Market Commentary - Third Quarter 2017

Summer doldrums in the market did not occur this year as the market's 2017 increase continued through the third quarter. As we've seen though the year most all areas of the market were up over the summer. International stocks performed in line with the U.S. markets for the quarter, but are outpacing domestic equities for the year. Bonds also posted positive total returns for the quarter. Volatility continued to remain low. All in all it was a very nice quarter.

The Economy

The US economy continues on a solid growth trajectory, despite the negative short-term impacts of Hurricanes Harvey and Irma, the continued uncertainty over various policy initiatives in Congress, and the nuclear brinksmanship with North Korea. The Bureau of Economic Analysis reported its third estimate of second quarter 2017 gross domestic product (GDP) of +3.1%, up slightly from the prior estimate, and also higher than the first quarter's +1.2% reading. The employment situation improved over the prior quarter, with an average of approximately 185,000 jobs added each month. At the same time, the unemployment rate ticked up to 4.4%. The Federal Open Market Committee (FOMC) kept its interest rate policy unchanged, with a fed funds rate target range of 1.00% - 1.25%. However, the FOMC announced that it would begin the process of normalizing its balance sheet in October by not replacing maturing securities.

The global economic environment is picking up steam, as many regions of the world are experiencing accelerating growth. The Eurozone economy grew at a 2.2% annual rate in the second quarter, which follows a strong showing in the first quarter. A surge in exports was the primary driver of the region's growth. Asian economies have experienced mixed results, with China producing adequate growth, but emerging economies in the region not faring as well. Economists are forecasting that China should generate 6.7% GDP growth for 2017. Latin American economies such as Brazil and Peru are beginning to accelerate, and inflation remains under control.

Highlights

GDP
The Bureau of Economic Analysis released the third estimate of the second-quarter 2017 real GDP, a seasonally adjusted annualized rate of +3.1%, up from the first quarter's +1.2% annualized growth, and also up slightly from the +3.0% prior estimate. Economists were buoyed by the results, which demonstrate the economy continues to post steady, albeit unremarkable, growth. Consumer spending was a key driver of growth during the quarter, and fixed investment and trade also contributed positively. Inflation remained in check in the quarter, with the personal consumption expenditures (PCE) index of prices rising +0.3%, following a +2.2% advance in the prior quarter. Corporate profits rose +0.7% (not annualized) during the quarter. Economists generally believe the current growth trend for the remainder of this year and next, despite a possible short-term hurricane-related setback.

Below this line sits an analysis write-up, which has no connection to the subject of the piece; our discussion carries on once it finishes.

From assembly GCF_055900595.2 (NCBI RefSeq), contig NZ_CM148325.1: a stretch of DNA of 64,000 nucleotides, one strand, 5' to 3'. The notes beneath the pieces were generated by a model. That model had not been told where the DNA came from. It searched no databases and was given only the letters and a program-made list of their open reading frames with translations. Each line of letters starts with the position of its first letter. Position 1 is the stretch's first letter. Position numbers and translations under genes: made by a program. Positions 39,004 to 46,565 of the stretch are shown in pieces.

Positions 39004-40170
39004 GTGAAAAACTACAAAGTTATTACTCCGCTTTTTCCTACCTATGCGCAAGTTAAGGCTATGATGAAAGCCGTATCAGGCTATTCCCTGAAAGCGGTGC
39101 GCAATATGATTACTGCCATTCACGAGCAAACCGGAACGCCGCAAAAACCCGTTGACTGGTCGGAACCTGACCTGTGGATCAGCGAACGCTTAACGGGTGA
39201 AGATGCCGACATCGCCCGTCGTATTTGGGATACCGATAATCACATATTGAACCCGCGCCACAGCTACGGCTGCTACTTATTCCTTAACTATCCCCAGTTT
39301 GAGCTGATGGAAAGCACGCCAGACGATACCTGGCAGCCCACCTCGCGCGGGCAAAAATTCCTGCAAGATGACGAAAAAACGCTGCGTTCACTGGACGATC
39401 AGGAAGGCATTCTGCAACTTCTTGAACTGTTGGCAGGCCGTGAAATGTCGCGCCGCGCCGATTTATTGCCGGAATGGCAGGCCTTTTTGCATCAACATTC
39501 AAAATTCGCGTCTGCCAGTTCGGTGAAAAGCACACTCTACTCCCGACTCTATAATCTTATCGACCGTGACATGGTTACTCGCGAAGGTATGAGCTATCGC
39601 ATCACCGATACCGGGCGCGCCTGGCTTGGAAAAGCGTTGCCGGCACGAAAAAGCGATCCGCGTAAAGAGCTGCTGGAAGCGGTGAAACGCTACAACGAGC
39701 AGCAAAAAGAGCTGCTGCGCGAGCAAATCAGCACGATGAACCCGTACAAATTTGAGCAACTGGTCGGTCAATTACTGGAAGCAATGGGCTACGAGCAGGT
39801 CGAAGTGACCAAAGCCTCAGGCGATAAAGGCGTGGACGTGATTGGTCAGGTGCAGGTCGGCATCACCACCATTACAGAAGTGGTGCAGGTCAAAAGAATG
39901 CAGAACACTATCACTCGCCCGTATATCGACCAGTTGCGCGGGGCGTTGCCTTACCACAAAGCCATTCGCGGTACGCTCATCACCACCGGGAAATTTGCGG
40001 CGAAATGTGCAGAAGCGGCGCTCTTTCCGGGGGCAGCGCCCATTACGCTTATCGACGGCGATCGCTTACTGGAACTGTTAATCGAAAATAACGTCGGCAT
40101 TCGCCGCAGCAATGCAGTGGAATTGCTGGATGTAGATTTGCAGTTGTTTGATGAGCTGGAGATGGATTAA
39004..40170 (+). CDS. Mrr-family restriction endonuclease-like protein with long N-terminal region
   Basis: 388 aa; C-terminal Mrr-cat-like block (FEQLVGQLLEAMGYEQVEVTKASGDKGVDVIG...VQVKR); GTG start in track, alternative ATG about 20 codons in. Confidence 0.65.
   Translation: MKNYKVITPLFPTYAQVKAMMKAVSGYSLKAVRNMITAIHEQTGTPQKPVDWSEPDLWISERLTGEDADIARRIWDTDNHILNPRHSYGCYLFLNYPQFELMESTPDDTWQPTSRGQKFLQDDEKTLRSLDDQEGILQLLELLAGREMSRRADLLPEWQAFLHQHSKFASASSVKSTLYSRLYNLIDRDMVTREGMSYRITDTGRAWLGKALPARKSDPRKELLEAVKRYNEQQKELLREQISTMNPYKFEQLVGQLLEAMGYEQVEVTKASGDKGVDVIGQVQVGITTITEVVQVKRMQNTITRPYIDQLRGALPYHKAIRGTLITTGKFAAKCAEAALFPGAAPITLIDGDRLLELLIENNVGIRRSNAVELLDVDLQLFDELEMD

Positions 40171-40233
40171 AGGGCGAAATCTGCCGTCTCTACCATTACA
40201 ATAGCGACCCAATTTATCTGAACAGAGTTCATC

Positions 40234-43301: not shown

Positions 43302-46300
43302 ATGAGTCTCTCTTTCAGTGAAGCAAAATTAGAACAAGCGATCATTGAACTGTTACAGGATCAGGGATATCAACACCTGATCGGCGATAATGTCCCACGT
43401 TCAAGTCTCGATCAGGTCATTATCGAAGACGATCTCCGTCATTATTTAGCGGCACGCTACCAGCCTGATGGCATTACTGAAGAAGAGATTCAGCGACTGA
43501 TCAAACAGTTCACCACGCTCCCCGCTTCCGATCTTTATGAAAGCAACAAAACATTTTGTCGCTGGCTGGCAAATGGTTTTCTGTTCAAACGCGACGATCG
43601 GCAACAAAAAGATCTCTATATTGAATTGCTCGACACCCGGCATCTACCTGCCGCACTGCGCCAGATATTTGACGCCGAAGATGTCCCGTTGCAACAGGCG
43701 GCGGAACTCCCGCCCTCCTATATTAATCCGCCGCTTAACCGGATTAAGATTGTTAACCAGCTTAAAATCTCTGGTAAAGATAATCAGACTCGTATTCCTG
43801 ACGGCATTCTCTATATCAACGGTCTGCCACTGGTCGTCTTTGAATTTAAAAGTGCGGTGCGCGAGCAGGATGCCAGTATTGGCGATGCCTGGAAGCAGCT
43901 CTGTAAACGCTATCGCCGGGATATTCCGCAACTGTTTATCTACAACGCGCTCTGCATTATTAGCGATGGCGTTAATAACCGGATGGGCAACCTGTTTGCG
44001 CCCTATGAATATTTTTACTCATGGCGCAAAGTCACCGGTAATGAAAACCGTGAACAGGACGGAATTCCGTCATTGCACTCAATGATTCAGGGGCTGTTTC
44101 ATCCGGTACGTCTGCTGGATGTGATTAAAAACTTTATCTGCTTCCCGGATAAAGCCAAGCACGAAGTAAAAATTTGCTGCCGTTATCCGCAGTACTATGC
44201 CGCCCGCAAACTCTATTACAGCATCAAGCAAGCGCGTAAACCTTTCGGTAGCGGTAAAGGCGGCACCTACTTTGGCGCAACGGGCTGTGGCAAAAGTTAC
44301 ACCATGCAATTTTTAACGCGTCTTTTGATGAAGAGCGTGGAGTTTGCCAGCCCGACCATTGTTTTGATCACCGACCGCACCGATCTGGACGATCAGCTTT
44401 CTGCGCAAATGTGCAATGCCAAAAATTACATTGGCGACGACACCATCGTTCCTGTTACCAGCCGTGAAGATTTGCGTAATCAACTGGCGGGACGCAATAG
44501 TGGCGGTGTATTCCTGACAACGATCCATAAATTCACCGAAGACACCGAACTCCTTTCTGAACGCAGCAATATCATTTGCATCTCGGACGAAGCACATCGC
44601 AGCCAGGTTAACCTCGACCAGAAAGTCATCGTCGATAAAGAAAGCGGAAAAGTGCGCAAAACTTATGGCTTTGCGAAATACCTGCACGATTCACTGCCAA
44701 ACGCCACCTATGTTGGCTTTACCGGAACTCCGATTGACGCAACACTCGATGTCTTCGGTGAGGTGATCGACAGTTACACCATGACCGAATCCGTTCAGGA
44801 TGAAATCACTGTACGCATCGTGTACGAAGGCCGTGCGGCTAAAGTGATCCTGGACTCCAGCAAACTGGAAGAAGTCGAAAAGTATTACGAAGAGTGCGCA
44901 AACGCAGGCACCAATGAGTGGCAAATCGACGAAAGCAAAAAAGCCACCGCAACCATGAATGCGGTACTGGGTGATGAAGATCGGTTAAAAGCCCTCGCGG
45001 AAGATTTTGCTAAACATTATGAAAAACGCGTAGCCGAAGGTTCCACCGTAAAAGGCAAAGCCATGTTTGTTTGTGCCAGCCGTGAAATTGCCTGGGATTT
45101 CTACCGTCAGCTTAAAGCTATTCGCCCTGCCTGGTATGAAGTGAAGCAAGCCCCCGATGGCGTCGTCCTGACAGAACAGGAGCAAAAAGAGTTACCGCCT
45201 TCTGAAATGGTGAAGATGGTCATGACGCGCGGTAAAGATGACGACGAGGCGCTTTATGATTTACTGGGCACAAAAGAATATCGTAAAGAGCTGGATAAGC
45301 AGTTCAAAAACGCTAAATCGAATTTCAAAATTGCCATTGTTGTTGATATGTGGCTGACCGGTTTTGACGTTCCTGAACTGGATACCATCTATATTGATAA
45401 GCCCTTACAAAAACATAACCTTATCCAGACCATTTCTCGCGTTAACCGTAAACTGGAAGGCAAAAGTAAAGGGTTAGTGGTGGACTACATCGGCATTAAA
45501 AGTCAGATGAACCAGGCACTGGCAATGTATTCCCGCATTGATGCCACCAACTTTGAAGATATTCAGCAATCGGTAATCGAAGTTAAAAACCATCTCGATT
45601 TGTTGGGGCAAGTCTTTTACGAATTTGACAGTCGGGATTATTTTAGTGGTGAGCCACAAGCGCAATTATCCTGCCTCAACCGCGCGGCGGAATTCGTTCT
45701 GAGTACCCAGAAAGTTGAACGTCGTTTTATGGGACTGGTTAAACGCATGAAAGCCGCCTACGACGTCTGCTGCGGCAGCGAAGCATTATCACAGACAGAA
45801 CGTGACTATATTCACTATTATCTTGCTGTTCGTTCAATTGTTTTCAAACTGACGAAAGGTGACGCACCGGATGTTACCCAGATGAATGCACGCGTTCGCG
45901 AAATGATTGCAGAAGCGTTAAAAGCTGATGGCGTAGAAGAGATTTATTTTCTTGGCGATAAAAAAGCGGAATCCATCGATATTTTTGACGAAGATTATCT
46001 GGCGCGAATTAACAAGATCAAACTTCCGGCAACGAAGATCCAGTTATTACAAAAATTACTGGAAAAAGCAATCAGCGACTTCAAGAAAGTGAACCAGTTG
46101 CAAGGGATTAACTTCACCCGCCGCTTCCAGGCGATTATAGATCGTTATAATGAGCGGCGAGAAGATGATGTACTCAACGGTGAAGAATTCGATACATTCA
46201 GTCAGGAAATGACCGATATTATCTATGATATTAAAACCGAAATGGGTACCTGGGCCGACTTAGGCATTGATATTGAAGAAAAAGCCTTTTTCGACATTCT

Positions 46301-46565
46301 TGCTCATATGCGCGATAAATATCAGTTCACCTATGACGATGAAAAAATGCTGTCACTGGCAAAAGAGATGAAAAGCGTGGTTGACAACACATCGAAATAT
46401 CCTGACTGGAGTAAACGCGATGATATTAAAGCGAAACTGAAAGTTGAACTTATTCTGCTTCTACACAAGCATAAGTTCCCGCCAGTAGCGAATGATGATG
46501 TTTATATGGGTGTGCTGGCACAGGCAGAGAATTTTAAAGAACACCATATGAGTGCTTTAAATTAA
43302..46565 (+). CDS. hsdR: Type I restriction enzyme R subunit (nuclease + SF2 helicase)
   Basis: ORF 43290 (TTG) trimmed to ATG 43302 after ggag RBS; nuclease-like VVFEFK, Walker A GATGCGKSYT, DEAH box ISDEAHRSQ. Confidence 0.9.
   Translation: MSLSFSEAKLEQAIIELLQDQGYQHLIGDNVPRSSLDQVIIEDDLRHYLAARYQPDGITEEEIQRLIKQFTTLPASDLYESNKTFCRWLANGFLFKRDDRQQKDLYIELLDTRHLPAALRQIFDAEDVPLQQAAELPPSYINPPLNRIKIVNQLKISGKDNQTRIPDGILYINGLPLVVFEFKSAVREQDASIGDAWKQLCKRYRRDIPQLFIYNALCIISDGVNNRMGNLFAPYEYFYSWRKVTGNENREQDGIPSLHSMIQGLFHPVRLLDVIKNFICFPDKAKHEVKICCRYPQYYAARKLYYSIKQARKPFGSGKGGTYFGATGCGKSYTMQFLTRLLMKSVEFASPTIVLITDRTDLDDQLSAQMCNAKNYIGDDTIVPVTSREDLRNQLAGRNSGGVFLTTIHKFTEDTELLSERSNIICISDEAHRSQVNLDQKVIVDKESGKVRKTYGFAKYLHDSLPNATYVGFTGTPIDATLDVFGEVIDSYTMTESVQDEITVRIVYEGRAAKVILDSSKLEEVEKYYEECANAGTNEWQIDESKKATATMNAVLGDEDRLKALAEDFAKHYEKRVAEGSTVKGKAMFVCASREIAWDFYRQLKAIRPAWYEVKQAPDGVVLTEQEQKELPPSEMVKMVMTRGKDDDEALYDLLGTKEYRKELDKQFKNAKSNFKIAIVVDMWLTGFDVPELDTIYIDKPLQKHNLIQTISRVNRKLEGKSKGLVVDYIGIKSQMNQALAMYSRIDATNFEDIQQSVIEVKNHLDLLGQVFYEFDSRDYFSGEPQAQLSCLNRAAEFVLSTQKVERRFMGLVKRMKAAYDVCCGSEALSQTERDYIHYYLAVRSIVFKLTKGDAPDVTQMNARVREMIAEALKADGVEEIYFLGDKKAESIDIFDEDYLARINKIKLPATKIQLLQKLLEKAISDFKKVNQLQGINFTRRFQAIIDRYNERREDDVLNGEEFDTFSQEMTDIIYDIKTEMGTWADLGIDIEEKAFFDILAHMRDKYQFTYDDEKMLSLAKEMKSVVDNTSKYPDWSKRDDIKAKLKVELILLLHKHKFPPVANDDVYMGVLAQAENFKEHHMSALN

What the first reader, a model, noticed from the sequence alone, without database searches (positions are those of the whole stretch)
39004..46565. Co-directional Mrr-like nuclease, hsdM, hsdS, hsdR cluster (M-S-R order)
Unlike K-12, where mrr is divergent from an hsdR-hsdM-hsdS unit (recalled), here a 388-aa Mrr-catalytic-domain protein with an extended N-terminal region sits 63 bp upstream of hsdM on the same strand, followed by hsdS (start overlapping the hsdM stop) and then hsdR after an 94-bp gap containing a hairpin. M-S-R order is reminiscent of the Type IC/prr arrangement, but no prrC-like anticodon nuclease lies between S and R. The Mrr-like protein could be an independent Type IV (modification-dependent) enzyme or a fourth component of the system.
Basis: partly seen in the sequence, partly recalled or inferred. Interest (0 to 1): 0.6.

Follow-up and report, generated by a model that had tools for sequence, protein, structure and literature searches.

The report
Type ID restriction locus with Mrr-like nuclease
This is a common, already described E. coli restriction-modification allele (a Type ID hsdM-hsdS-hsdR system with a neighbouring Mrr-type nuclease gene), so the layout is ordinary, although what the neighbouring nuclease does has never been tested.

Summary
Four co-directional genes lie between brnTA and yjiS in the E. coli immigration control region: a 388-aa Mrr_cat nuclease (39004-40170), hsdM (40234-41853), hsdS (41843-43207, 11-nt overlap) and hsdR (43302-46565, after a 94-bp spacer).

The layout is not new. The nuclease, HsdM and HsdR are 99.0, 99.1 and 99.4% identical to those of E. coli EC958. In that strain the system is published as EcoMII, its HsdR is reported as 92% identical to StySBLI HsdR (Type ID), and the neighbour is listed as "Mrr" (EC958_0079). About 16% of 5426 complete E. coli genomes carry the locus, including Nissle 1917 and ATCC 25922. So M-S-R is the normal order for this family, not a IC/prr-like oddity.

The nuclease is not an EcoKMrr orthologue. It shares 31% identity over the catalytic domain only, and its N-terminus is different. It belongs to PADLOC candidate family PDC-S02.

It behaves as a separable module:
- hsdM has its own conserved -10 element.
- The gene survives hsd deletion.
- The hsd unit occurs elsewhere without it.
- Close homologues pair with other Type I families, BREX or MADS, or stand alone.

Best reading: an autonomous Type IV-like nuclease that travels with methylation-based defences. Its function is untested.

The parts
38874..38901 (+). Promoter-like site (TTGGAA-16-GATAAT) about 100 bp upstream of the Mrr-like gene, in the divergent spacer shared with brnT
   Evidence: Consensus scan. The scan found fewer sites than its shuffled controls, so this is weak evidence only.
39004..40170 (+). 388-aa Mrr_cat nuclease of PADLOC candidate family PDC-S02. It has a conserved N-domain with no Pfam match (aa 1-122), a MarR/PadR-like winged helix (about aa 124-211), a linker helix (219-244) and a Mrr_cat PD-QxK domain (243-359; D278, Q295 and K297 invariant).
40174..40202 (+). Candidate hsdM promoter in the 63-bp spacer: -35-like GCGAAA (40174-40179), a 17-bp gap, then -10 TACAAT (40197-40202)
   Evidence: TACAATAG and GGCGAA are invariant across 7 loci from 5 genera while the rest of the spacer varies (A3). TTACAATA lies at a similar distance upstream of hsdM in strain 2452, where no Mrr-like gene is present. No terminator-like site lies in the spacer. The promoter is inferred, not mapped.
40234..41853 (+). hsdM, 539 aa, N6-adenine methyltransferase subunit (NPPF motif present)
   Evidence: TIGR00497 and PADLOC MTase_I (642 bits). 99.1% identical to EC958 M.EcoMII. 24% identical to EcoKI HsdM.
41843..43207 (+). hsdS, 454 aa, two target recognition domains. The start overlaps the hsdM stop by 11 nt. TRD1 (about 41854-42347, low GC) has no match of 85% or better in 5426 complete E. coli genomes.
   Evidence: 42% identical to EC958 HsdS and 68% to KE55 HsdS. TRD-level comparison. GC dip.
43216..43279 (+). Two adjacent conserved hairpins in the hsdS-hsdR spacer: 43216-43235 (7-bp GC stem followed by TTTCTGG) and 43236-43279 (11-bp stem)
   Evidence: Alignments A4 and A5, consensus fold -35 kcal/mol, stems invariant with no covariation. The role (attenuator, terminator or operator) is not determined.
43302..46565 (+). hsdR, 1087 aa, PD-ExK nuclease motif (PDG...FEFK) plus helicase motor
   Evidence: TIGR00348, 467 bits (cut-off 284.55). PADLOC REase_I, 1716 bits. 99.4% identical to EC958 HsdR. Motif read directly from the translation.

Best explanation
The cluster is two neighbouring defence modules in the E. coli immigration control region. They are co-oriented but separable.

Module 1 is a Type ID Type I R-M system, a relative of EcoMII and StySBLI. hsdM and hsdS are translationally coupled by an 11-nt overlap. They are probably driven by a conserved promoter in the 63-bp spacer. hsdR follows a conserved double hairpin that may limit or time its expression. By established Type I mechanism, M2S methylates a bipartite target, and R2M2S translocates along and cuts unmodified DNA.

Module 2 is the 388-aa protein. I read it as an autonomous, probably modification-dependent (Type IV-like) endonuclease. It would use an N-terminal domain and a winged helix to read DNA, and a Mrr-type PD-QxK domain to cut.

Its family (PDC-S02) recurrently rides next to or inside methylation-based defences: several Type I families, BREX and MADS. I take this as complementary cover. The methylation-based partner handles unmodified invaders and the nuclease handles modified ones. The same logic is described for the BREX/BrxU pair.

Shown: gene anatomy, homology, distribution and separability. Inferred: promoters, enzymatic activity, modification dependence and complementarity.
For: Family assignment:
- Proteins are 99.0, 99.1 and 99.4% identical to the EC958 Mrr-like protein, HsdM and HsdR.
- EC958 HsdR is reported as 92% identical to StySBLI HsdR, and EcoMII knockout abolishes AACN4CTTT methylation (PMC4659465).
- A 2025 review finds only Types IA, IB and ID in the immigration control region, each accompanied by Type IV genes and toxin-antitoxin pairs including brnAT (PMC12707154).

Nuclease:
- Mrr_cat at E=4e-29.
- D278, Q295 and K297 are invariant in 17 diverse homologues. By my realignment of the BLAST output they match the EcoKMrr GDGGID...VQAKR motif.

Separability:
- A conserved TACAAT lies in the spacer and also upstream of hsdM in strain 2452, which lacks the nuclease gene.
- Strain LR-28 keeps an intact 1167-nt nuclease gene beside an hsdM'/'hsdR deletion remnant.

EMPLOYMENT

The employment situation eased somewhat in August from the prior two months' solid growth. Employers added 156,000 jobs during the month, below the consensus expectations of 185,000 new jobs, and also falling short of the prior month's gain of 189,000. Despite the drop in August, the three-month moving average rose slightly, coming in at 185,000. The unemployment rate in August was 4.4%, a slight increase from the prior month. Average hourly earnings increased by a modest +0.1% in August, and have risen +2.5% in the past 12 months. Economists expect a continuation of steady job growth increases, perhaps with an interruption resulting from the effects of the hurricanes.

HOUSING

The housing segment, while slowing somewhat, continues to produce gains strong enough to cause analysts to maintain a cautiously optimistic outlook. Existing home sales for August (the latest monthly data available) grew at an annualized rate of 5.4 million units, a decrease of about -1.7% from the 5.44 million-unit-rate reached in July, and down -4.8% from May 2017. The inventory of existing homes was slightly more than four months of supply, down modestly from year-ago levels. Existing home prices in August were down -8.8% from July, and have dropped -5.6% from August 2016. In the new-home segment, the NAHB Housing Market Index, a measure of homebuilding activity, ended the quarter at a level of 64, below the level of both the prior month and the level in May. Economists point out that the slowdown is in part due to Hurricanes Harvey and Irma, and the housing segment should accelerate once rebuilding begins in earnest.